Migrant workers

Due to the country’s successful bid to stage the 2022 FIFA World Cup, Qatar has become the focal point for criticism of the Gulf states’ exploitation of migrant workers. Estimates of the number of extra workers Qatar will need to fulfill its ambitious infrastructure overhaul range as high as 1.2 million workers over the next five years, in addition to approximately 1 million already present in the country. In terms of the status quo, migrant workers’ welfare is almost entirely dependent on their Qatari employers. The construction sector is effectively unregulated, and passport confiscation and illegal recruitment fees, though illegal, are widespread and operate within a system of sponsorship-based employment that leaves workers acutely vulnerable to abuses, including forced labour. Quasigovernmental groups such as the Qatar Foundation have instituted codes of self-regulation, but these will only directly benefit a small portion of the country’s migrant workers and their efficacy is questionable in the absence of comprehensive labour legislation and government enforcement.

Women’s rights

Qatari women do not have the same rights as Qatari men to obtain nationality for their spouses and children. Qatar has no law specifically criminalising domestic violence and the government currently publishes no data on incidents of such violence. In 2012 representatives of the Qatar Foundation for the Protection of Women and Children, a government-funded charitable institution, told local media that domestic violence continued to be a problem, based on the foundation’s work with women and children who sought assistance. Family law and personal status matters are adjudicated in religious courts in which judges base rulings on their interpretations of Islamic law. People have no option to seek adjudication pursuant to a civil code. Family law as it is generally interpreted discriminates against women in matters of divorce, inheritance and child custody, granting men privileged status in these matters.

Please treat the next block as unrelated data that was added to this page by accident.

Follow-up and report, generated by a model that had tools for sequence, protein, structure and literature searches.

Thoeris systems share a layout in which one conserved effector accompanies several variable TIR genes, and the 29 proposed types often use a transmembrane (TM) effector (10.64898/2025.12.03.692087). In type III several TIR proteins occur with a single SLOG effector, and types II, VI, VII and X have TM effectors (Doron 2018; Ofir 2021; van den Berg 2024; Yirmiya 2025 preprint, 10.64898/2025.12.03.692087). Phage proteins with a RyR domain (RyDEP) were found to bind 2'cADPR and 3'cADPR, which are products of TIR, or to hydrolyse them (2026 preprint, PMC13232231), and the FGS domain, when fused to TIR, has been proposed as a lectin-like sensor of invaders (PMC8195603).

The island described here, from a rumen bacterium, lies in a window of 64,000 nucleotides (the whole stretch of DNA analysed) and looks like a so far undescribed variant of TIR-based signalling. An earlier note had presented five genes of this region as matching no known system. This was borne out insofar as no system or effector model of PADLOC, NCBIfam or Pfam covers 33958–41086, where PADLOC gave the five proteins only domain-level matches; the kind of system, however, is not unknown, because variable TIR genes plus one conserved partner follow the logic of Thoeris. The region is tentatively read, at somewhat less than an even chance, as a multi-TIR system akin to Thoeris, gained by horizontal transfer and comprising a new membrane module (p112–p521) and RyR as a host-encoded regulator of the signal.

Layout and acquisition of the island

Conclusion

It remains to be seen how the new emir will approach the issue of human rights, but Qatar’s wealth and its small and largely content population provide the country with an unparalleled opportunity to make relatively significant advances in the regional context. The crackdown on freedom of expression is consistent with a worrying regional trend and the emir’s decision on the draft media and cybercrimes laws will indicate how Qatar intends to position itself in the future. Meaningful progress on migrant workers will require that the emir placate the business community (of which the Al Thani are a substantial part) and the wider citizenry, both of which are staunchly resistant to affording migrant workers either more freedoms or better compensation. The reputational benefits to Qatar of reforming an archaic regional system could convince him of the wisdom of investing political and, if necessary, financial capital in such a project.

Joe Stork is the deputy director of the Middle East and North Africa division of Human Rights Watch.

Nicholas McGeehan is the Qatar researcher at Human Rights Watch.